Water damage affects a structure on many levels, from the very conspicuous damage you can’t miss to more subtle effects you can’t even see. In some cases, building materials are restorable after water damage, depending on the source of water as well as the duration of exposure. However, certain other materials may not be salvageable, or the time and cost required simply make replacement more practical.
Water-saturated drywall is usually not worth the effort to save it. Wet drywall loses structural integrity. Even after drying, it remains crumbly and continues to deteriorate. Soggy drywall also provides a favorable starting point for mold contamination. Since drywall panels are readily removed and replaced, installing new material is usually advisable.
Tile floors, including linoleum and ceramic tiles, are the most water-resistant and usually respond to Round Rock TX flood cleaning and disinfectant following limited water exposure. Wood laminate floors, however, deteriorate rapidly after water damage as glues and adhesives dissolve and the material swells. These floors cannot be restored and usually must be replaced.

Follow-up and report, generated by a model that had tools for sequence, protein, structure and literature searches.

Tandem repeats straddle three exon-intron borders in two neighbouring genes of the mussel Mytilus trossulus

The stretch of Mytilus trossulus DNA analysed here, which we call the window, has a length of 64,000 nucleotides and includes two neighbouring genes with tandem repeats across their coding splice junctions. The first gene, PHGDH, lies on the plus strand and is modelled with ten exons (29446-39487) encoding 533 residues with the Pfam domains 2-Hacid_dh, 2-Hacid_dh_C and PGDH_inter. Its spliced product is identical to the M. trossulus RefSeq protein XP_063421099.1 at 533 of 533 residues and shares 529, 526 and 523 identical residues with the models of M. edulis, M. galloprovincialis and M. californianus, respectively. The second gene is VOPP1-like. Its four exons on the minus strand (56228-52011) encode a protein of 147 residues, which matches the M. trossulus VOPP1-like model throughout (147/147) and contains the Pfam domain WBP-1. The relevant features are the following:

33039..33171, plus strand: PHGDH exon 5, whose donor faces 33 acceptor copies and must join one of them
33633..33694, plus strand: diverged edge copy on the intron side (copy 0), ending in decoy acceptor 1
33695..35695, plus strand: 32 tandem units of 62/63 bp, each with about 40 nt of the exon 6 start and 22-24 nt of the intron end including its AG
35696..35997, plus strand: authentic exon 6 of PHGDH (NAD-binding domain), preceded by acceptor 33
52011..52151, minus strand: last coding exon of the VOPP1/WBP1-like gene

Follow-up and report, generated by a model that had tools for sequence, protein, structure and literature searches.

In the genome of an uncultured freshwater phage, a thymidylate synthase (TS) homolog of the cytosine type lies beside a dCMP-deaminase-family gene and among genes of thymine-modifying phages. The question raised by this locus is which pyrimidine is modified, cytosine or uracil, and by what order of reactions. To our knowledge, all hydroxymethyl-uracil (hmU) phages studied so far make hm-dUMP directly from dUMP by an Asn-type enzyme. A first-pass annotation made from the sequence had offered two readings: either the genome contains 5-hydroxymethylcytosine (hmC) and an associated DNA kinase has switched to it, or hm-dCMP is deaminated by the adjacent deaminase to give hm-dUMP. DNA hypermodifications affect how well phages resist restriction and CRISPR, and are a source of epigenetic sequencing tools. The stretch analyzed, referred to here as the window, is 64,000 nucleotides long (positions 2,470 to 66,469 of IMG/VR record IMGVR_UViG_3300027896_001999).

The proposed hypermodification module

Most hardwood floors resist water at least for a limited time. Dimensional changes may cause cupping in certain planks and splitting and staining may occur, too. However, unless the subfloor beneath is affected, individual hardwood planks can be replaced while the remainder of the floor may be restored by sanding and refinishing.
Wet fiberglass attic insulation can be removed, air-dried, and disinfected, then re-installed. Whether this is worth the time and cost versus installing new material with improved insulating properties is a decision the homeowner must make. Blown-in cellulose insulation is usually permanently ruined by water damage and not restorable. Replacement is the only option.
Most professional electricians advise the replacement of electrical wiring and components like outlets and the breaker panel after any contact during water damage. This is for safety reasons as corrosion initiated by moisture continues to deteriorate wiring even after the water has dried, eventually leading to potential fire and shock hazards.